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How To Use A Nyko Playpad Bluetooth Controller On Linux Using Xboxdrv

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I've spent more hours than I care to admit in search of the perfect portable game controller to use with my laptop. I wanted something compact and Bluetooth enabled, so the Nyko Playpad seemed to fit the bill quite nicely. Unfortunately this little device is intended for the Android and iOS platforms. PC gaming was clearly an after thought for this thing, as is evidenced by the Android firmware updater that will prompt you to flash a PC-friendly version of the firmware, only to deny the request with promises that said feature is in the works. Highly doubtful. The Android software hasn't been updated in years, and is absolute rubbish. I finally had to use their Windows updater to flash the latest firmware.

Flashing the new firmware probably wasn't necessary, but it was all part of a long, painful process of trial-and-error to get this hunk-o-junk working. The good news is that we can remap the controller as a sort of psuedo-Xbox controller with a command line utility called xboxdrv. Whereas the Xbox has sort of become a PC-gaming standard and many games have support for it built in, this makes a lot of sense. Not to mention the Playpad's layout is nearly identical to the Xbox controller. All we miss out on are the stick-click inputs. So without further ado, here's the script I whipped up to remap a Nyko Playpad controller as an Xbox controller.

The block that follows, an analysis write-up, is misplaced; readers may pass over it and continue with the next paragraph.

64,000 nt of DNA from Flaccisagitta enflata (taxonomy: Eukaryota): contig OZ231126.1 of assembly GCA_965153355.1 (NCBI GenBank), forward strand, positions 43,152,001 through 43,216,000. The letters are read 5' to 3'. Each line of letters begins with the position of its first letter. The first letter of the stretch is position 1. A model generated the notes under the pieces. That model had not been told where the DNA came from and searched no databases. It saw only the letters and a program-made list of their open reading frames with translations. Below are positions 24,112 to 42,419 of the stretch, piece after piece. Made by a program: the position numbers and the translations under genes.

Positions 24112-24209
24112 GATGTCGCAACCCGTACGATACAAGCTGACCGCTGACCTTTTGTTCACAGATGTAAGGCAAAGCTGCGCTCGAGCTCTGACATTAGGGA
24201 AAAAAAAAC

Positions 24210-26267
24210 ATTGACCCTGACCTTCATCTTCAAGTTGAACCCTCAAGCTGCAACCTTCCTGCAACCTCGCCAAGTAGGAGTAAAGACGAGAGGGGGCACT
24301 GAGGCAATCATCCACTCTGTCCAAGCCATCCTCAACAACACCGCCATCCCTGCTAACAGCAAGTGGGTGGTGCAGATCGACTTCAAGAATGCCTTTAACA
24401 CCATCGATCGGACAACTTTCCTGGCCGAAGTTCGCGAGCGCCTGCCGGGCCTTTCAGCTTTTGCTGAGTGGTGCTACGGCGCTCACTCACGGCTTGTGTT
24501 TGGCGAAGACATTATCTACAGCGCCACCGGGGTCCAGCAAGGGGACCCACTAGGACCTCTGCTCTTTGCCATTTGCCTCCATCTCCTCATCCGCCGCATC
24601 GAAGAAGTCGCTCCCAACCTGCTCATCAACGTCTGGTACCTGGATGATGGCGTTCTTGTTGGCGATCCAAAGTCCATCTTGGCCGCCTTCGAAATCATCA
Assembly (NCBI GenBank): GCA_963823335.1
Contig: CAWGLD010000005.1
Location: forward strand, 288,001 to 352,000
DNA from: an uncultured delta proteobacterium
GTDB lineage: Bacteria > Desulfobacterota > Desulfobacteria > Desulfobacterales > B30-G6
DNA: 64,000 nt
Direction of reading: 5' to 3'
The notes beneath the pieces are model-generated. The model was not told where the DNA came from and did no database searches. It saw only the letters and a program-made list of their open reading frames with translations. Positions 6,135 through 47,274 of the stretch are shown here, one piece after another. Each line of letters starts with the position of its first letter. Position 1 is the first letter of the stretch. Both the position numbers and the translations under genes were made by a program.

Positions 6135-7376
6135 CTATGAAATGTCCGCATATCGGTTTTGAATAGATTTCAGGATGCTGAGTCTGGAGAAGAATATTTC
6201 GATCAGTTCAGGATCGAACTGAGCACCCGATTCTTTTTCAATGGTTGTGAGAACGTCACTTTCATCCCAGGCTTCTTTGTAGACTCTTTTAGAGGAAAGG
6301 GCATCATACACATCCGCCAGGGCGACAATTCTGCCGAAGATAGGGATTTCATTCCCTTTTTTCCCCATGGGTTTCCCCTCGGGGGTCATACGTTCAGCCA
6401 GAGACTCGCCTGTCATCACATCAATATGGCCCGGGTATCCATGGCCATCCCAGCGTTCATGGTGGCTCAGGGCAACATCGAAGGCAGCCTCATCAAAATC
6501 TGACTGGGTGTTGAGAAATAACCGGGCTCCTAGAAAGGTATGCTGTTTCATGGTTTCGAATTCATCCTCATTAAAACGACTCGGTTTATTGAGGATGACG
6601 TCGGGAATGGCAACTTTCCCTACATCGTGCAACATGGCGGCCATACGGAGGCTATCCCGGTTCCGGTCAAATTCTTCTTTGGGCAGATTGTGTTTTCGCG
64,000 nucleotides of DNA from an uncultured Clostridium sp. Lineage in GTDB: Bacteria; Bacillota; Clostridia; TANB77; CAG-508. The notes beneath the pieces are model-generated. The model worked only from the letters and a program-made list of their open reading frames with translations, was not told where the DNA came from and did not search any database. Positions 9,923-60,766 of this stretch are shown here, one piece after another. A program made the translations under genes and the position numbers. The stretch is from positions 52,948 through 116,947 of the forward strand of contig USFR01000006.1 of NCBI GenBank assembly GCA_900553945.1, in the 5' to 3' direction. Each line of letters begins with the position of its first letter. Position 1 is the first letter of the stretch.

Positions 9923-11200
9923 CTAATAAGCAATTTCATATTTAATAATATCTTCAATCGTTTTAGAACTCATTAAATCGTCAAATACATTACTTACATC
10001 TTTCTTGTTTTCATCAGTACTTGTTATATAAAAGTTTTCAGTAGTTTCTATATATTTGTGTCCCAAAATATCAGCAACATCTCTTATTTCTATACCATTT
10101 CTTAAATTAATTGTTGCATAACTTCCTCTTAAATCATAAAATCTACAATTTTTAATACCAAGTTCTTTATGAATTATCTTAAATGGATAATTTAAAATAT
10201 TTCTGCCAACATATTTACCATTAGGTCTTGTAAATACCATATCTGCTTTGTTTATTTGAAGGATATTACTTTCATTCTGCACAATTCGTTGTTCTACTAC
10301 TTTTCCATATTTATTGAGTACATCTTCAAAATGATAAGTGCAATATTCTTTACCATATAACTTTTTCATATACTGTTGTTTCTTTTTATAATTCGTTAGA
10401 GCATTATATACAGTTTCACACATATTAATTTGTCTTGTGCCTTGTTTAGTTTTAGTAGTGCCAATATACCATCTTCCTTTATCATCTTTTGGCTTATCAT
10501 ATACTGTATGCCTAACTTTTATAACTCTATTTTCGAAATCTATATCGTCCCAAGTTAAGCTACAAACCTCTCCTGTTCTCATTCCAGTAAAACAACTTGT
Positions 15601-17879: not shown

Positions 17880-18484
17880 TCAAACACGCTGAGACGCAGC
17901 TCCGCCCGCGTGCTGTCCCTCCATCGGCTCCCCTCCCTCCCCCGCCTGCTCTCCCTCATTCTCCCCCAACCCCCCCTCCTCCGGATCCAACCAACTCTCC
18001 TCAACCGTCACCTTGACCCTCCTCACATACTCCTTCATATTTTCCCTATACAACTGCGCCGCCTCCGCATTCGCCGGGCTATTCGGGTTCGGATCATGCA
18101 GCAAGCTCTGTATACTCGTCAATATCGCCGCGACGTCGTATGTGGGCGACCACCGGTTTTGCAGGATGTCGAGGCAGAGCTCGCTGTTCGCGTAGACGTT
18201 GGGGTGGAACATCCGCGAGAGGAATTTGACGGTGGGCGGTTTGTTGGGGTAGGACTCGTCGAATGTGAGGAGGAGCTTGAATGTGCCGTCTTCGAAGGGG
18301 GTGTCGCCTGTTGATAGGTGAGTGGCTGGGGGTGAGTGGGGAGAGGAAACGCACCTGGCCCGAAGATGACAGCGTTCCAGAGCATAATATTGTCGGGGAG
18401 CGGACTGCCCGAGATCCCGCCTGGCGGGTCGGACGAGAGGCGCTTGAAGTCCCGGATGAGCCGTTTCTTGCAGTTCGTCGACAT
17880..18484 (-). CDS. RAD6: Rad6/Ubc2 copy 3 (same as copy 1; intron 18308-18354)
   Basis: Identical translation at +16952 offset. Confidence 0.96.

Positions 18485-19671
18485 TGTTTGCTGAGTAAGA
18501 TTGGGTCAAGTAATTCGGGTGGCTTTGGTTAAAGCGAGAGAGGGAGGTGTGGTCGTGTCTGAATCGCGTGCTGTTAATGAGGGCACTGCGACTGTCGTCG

#!/bin/bash
eventnum=${1-17}
#sudo rmmod xpad
sudo modprobe uinput
sudo modprobe joydev
sudo xboxdrv --evdev /dev/input/event$eventnum --evdev-absmap ABS_GAS=RT,ABS_BRAKE=LT,ABS_X=x1,ABS_Y=y1,ABS_Z=X2,ABS_RZ=y2,ABS_HAT0X=dpad_x,ABS_HAT0Y=dpad_y --axismap -Y1=Y1,-Y2=Y2 --evdev-keymap BTN_START=start,KEY_HOMEPAGE=guide,KEY_BACK=back,BTN_A=A,BTN_B=B,BTN_X=X,BTN_Y=Y,BTN_TL=LB,BTN_TR=RB --mimic-xpad --detach-kernel-driver --controller-slot 0 --silent


I commented out the "rmmod xpad" command because it was suggested in the xboxdrv manpage, but if you aren't using the xpad module, then obviously you don't need to remove it.

I save the above script in a file called "nyko" in my home directory and simply execute "sh nyko" once the controller is connected through my Bluetooth manager. By default, my script looks at event17, so you will probably need to modify the eventnum variable to match your configuration. To figure out which input event belongs to your controller, connect the device and run "ls /dev/input". It's very likely the event with the highest number, but just to be sure you can run "evtest /dev/input/eventxx" to test it out. Once you know the number, you can either modify the script or pass the event number into it, like so: sh nyko xx.

As I mentioned earlier, I did flash a newer version of the firmware on my controller, so the above xboxdrv configuration may not work with an out-of-the-box Playpad. It's not terribly difficult to figure it out on your own, though. To do so, run the evtest command on the input event for your controller and write down the code for each input. Then consult the xboxdrv manpage for the corresponding xbox input and adjust the "--evdev-absmap" and "--evdev-keymap" paramters accordingly.